A Greater Kneed

I’m less mobile yet again. Attempt 3 at controlling the large swelling in my trousers has occurred, with an overnight hospital stay and my knee being cut open, so I’m once again at the mercy of Homes Under the Hammer, and trying to stave off the boredom, and also I’ve not been out on the bike for months (the possibility of injury and/or aggravating the problem being an issue).

Once again, excellent care from the NHS, excellent staff, and what really was just minor inconvenience in the grand scheme of things.

I do, however, feel I need to revisit an old blog post, and perhaps apologise to Stuart Berry, or at least moderate my argument?

Some of my arguments have lost their edge due to tech, of course. Connectivity is cheaper, WAPs are no more expensive, and manageability has got a lot easier (though you may pay for it- e.g: Meraki). Devices are better at handling connection issues and captive portals- the whole thing has matured.

My argument that 3G is cheap is probably stronger now- competition drives down mobile data such that I now pay £10/month for more mobile data, calls, and texts than I use, but I did miss one key thing: the hospital I was in had wildly varying mobile coverage: in the ADCU, where I spent 1 day in August, has zero coverage for O2 or Vodafone, but the ward I was on this time had workable 3G. If it hadn’t had that, the free wifi (which incidentally, works very well) would have been very useful to keep in touch with my better half: I’d warned her to keep an eye on email. This is probably a consequence of the building being quite old in places. From personal experience, mobile providers will charge outrageous sums to install micro-cells or similar in buildings.

It’s worth mentioning that the on-bus wifi I mention in the old post is useable now, too. As technology moves on, things get more useable. I remember vividly trying to get useable dumb-terminal access working over mobile data in the mid-late 90s, where you were lucky to get 9600 bits/second.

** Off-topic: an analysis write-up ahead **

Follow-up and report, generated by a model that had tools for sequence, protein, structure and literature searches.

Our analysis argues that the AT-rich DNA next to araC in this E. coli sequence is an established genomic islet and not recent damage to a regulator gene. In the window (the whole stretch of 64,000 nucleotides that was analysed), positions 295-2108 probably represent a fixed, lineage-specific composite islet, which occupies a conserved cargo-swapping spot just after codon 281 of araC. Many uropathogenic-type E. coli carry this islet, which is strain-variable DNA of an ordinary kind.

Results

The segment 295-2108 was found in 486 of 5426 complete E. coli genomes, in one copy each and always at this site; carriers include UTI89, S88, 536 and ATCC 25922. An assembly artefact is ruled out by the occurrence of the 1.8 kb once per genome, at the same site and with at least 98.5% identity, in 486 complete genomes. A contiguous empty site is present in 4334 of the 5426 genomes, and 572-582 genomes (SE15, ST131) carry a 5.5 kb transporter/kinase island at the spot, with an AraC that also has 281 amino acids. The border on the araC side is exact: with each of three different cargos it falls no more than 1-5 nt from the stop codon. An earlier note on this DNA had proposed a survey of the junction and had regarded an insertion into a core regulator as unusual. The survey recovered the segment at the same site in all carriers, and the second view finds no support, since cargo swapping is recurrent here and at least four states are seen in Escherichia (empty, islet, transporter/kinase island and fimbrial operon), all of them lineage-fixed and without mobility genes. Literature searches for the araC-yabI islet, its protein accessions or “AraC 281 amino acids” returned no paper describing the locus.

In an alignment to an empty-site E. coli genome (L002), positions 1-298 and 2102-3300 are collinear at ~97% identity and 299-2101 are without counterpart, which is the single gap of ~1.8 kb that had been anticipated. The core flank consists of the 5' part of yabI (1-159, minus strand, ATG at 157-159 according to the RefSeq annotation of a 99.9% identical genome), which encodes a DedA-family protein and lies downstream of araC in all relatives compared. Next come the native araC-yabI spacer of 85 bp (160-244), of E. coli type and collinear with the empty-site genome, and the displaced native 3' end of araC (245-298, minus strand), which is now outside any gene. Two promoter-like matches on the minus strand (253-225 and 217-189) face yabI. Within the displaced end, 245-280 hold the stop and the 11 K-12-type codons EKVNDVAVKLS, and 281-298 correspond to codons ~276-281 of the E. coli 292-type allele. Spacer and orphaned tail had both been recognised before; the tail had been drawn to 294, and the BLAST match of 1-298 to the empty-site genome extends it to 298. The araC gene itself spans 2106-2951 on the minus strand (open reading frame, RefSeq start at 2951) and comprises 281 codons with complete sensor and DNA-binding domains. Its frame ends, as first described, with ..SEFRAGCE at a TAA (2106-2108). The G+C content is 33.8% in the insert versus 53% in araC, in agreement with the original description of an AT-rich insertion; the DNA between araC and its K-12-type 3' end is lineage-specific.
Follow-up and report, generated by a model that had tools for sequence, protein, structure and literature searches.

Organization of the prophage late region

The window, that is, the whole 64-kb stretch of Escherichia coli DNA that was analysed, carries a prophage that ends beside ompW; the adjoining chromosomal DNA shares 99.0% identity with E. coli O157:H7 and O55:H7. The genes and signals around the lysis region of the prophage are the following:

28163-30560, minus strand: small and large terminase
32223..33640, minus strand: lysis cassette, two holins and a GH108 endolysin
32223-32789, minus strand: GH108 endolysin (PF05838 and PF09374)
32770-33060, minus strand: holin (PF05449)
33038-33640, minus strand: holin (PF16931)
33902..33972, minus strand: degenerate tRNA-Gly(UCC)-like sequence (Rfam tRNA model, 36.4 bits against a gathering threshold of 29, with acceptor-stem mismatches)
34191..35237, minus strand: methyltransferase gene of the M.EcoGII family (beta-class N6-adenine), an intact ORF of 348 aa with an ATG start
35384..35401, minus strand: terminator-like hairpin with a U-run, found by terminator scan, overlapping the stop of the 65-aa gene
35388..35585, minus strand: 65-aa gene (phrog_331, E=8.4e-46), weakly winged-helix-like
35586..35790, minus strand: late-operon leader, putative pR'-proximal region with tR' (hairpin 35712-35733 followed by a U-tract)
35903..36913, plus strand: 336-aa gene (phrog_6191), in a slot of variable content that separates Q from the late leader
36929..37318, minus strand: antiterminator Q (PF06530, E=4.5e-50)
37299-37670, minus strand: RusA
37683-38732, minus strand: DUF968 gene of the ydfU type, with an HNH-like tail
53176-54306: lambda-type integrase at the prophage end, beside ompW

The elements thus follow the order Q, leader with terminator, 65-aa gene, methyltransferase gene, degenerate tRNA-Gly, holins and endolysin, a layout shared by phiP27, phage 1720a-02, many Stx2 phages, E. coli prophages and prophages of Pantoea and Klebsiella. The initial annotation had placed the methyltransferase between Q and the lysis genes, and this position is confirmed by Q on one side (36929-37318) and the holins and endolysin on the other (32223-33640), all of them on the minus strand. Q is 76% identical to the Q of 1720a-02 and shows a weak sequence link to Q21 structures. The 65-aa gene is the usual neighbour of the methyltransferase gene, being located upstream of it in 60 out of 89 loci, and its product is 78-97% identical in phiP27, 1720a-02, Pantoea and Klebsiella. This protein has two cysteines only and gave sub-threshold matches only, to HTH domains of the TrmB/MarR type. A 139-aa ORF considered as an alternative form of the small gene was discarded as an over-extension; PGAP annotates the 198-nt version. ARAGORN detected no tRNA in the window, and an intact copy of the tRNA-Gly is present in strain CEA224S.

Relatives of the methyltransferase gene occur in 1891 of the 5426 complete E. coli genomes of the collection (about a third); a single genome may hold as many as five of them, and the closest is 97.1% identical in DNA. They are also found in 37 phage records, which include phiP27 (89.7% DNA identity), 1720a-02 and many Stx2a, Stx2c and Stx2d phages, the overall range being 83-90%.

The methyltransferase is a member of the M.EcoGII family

4 Responses to “A Greater Kneed”

  1. Species5618 Says:

    Gloucester NHS Wi-Fi is surprisingly good for a large scale deployment, not just coverage, reliability but speed, its capped at 2Mbps, but you get 2Mbps all the time,

    re mobile coverage, old building, new buildings new trains are just a nightmare,
    yet people blame the Mobile provider..

  2. stymaster Says:

    Yes. Radio generally hard to get right.

  3. Willenhall Lad Says:

    In the Wolverhampton hospitals you can connect to the free NHS wi-fi as i do quite often with the various visits I have to do for the family. I don’t know why you need mobile data coverage when the NHS provided one is so good?

  4. stymaster Says:

    Yes, NHS wifi is, in my experience very good now, and no, you don’t need mobile data, however, the ability to make a phone call when you’re in hospital (especially for more than 1 day) is nice, and without a lot of messing about, you need a mobile signal for that.